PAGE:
Step 2: Reality Checks- Look around you, right now, and ask yourself “Am I dreaming?” Look at the details, is something odd. Not quite right? If you do find something odd, you may be dreaming, and this realization means you are aware, and awareness is lucidity. Good job, you are now in a lucid dream.
Of course, you can feel that you are awake. There is some specific feeling that causes you to know, but the purpose of asking yourself is so that, if you do enough, you may ask yourself in a dream, and if you do, you will become lucid. There are many different ways to do a reality check, but I recommend you pick one, and stick to it. One common technique is to look at a text, look away, and look back at the text. If, when you looked back at the text something is different, you are dreaming. Also, many people attempt to push their hands through each other. If they were dreaming, their hands would easily go through each other. There is also a very clever one taken from the movie “Inception.” This technique is to find a small, meaningful object that you can have with you at all times and use as a reality check. It is recommended that the item can do something that would be practical in the waking world, but would be strange in the dream. An example would be the character Cobb in the movie. He has a spinning top that would topple in waking, but spin endlessly in the dream.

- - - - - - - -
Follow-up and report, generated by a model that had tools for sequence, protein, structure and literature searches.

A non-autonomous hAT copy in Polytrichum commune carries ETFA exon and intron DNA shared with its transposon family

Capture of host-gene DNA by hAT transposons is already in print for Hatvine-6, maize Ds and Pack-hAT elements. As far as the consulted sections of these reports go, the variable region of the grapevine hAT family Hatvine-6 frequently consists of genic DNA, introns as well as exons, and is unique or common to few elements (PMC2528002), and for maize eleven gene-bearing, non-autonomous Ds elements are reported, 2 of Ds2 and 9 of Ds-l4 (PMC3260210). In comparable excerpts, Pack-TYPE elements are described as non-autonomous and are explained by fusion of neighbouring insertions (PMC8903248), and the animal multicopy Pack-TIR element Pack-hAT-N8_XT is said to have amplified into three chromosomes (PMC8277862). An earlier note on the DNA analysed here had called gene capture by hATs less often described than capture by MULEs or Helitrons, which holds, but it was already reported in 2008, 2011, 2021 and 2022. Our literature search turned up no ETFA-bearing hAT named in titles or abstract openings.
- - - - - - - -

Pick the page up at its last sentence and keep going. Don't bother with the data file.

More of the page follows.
Step 3: Lucid Affirmations- This step can be practiced at any time, and can even induce a spontaneous Lucid Dream. While in bed, preparing your mind for sleep, go through some lucid affirmations in your head over and over with the hope that one of the affirmations will be the last thought before sleep, thus inducing a lucid dream.
Some great Lucid Affirmations are:
- The next scene will be a dream
- When I’m dreaming I will know that I am
- I am now dreaming
- I will have a lucid dream tonight
The affirmations can be as long and hard, or short and sweet as you wish. The only thing you need to remember is to repeat it over and over. It’s almost a better way of counting sheep.
Step 4: Visualize- This step is similar to the affirmations, because both of their purposes are to make the last thought before sleep about Lucid Dreaming. Basically what you are doing is daydreaming, whilst falling asleep. You should be thinking and imagining about what you want to do in your Lucid Dream. Visualize in depth. So much so, that you fall asleep to it. Imagine very specific things. Things that you will hopefully see in a dream, and know that you created that thought while doing this. Think about specific abnormalities that you know will know to look for in the future, or even the dream about to happen.
Unfortunately, this is about all I can tell you as the beginning Lucid Dreamer I hope you to become. Past this you will find new things, out there, but once you have a few, you’ll know their potential.
Beautiful things await you in your dreams, you just have to go out and get them. Keep dreaming, my friends.